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Record Time

Step 1: Find a friend! I found Kimberley, she’s my go-to crafting buddy. If you have a friend named Kimberley, use her too. Go to your local thrift shop and find cake molds, bowls, or anything circular that is oven safe over 300 Degrees Fahrenheit. Our bowls were only $1.99. This object will be used to mold your record bowl.

Step 2: Continue shopping at your local Goodwill, or thrift shop to find inexpensive records. Ours were $0.99 each, however many places sell classical albums for $0.25 a pop. Be warned! Sometimes the most AWESOME covers actually have the least attractive records inside. Don’t judge a book (or record) by it’s cover. The inside is what counts (in life, and in record shopping), so open the package and the sleeve and see what the record inside has to offer. This is what will be on display in the end product.

Step 3: Preheat your oven to 250-300 Degrees Fahrenheit. Wipe down your record so it does not have extraneous dust – this will melt into the bowl. Make sure the record is dry. Place your record centered on an oven proof bowl. Place in the oven for no more than five minutes (it starts to let off toxic gas if left in too long) at a time. Open a window and ventilate. At five minutes (but sometimes sooner, use oven light to check if corners are dropping, melting, and bending) take out of the oven using oven mitts! Safety first! Remain calm! Don’t fret!

Step 4: As soon as you take the record out of the oven (it will be hot) work quickly (less than 20-30 seconds) to shape the object. You can use the bowl as a mold, and press the record inside. You can also roll the record as you would when making a megaphone out of paper (lower left hand corner). If you are sculpturally inspired, you can even freehand mold the record into different shapes, or stamp the melted vinyl with pattern. If an object is not folding or forming to your liking, place it in the oven to soften it again for another minute or so. The vinyl cools and dries EXTREMELY quickly – usually in under a minute.

Step 5: Place and show off your object. Here I am planning on using the bowl to hold candy near my bar! Kimberley is using her rolled record (in the previous image) as a sconce or a plant holder mounted to the wall. These bowls can be used as planters because of the hole in the middle makes automatic drainage! Since the item is so inexpensive to make, and takes such a short amount of time to form (some would say RECORD TIME, har har), I would recommend making a ton of them and giving them away to people you love as “just because” presents! What a unique and retro way to decorate.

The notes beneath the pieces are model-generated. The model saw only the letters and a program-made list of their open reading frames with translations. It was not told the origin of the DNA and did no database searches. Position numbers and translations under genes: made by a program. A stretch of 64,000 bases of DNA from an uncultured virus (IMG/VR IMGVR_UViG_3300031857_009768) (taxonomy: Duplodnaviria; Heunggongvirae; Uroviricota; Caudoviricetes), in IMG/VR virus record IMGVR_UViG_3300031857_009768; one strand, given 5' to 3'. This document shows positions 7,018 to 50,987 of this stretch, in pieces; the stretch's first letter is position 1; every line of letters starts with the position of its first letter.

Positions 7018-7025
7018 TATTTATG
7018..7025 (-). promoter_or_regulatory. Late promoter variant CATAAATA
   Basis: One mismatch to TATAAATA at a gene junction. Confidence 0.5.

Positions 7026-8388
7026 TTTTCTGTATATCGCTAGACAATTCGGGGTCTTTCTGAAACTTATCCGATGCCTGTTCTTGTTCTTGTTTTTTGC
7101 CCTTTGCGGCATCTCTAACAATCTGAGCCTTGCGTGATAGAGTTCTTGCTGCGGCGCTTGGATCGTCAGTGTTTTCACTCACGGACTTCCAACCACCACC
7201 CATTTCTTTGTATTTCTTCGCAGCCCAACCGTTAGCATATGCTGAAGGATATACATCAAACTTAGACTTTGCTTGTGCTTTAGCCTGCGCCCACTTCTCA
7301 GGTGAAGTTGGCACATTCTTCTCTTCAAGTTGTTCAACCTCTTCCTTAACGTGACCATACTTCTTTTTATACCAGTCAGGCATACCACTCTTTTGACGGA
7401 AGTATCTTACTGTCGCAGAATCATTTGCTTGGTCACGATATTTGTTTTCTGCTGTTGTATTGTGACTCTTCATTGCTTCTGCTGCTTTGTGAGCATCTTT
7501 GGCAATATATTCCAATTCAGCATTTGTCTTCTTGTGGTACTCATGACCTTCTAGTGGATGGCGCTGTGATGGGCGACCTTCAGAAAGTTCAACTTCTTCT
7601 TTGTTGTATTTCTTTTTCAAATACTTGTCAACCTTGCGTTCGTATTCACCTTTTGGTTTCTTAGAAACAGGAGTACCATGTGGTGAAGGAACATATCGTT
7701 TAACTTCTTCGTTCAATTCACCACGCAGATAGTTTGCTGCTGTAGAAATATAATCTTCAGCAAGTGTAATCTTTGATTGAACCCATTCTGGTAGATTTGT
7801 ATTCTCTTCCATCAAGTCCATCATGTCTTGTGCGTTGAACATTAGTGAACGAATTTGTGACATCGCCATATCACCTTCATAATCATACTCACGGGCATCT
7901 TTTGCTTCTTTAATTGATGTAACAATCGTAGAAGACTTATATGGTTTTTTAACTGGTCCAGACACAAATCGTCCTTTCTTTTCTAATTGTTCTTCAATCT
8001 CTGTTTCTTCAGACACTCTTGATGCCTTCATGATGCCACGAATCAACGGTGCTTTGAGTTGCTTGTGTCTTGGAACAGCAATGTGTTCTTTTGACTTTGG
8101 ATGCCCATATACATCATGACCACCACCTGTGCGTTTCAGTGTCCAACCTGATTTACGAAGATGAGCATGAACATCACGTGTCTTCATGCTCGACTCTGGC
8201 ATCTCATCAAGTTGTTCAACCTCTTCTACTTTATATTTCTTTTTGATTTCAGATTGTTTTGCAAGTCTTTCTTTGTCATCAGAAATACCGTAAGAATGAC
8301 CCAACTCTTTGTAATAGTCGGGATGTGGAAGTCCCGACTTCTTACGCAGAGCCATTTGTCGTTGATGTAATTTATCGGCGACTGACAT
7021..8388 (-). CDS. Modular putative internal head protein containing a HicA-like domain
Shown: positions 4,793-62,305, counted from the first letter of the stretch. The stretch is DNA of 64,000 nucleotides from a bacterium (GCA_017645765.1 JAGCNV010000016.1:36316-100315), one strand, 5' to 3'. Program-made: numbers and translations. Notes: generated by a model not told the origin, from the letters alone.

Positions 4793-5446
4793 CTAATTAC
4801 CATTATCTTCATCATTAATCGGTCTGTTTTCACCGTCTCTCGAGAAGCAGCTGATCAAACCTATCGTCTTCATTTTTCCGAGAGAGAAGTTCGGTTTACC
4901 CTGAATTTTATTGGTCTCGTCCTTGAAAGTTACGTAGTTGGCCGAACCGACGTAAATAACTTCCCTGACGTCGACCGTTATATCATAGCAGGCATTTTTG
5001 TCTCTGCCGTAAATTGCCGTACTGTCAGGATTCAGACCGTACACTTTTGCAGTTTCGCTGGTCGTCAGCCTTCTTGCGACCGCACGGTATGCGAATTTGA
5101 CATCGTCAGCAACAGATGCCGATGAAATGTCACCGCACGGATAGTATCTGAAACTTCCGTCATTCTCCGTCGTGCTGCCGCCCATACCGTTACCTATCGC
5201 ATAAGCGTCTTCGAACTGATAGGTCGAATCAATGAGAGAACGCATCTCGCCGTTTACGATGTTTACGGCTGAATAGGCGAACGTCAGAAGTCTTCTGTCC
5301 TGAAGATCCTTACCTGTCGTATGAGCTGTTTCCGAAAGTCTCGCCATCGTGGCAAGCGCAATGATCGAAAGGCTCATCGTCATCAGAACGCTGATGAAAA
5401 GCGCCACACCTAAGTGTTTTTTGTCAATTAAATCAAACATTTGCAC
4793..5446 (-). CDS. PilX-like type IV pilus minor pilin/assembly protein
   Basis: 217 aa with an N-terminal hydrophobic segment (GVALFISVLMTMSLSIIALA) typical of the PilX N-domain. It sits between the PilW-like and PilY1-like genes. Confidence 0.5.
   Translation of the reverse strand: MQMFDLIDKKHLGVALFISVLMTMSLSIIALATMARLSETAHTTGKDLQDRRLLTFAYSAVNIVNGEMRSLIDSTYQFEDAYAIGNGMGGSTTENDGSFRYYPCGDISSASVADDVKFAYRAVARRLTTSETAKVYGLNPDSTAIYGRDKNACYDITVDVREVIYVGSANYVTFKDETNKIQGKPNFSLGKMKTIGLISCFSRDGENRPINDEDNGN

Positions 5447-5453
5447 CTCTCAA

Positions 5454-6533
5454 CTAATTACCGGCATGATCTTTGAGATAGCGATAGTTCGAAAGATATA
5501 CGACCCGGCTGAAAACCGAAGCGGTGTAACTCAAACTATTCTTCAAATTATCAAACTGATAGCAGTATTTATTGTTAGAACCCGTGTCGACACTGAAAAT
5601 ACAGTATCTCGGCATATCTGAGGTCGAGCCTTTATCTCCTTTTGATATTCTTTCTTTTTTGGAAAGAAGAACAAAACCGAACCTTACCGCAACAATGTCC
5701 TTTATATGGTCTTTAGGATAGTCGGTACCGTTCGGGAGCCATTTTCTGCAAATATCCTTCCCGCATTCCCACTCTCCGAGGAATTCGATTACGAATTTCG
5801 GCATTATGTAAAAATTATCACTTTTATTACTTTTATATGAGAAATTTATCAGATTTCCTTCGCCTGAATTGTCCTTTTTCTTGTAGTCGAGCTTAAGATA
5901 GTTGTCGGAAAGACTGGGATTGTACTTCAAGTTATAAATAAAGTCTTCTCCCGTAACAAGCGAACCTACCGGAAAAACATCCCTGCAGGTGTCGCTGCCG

P.S. All photographs by me.

  • Please don’t go to the Salvation Army because they’re homophobic. There are plenty of other thrift outlets. Thanks!

    • Keren

      Hi! Thank you for responding. I understand that the Salvation Army has antiLGBT policies. The thrift shop I went to was actually in Chelsea, NYC – one of the most gay friendly neighborhood in America. I have given to several charities and purchase from several organizations while doing my projects in NYC. I have worked for Habitat for Humanity (homelessness and housing) and donated my clothing to Housing Works (Aids and the Gay Community), However, part of the reason I actively choose to support some of The Salvation Army’s reach is extremely personal. My mom was very poor when she was pregnant with my sister and was not able to afford hospital care when she was living in America. Asking nothing in return, the charity paid for my mom’s hospital bills and got my mom a OB/GYN so that my sister could be born healthfully. Thank you again, and I don’t actively donate to the Salvation Army as my main charity. As a clarification, I support equal rights for all individuals. Life is complicated.

      • Keren, thank you for your very caring and benevolent reply. I actually live just a few streets over from Chelsea, so I am quite familiar with the distinctions you are drawing. Please forgive my broad brush. As a person deeply interested in LGBT and other civil rights issues, I at times tend to bristle without knowing facts. I should have known that anyone as delightfully artistic as yourself would also be a wonderful member of the community.

        Thank you again for replying to my comment. I do so very much enjoy your blog!

  • I’ve got a bright green single that I bought for 99p. Not because I liked the song, but because it’s BRIGHT GREEN! It’s practically begging me to melt it into something that can be on show all the time instead of tucked away in my record box. Thanks for the tutorial!

    • Keren

      A bright green record needs to be used as home decor – what a unique find! I would love to see pictures of the finished product when you decide to try this (practice first on albums you don’t love as much). Thanks for stopping by! – KV

  • Ok you’re officially awesome.

    • Keren

      Thank you! YOU ARE AWESOME TOO. Officially. 😉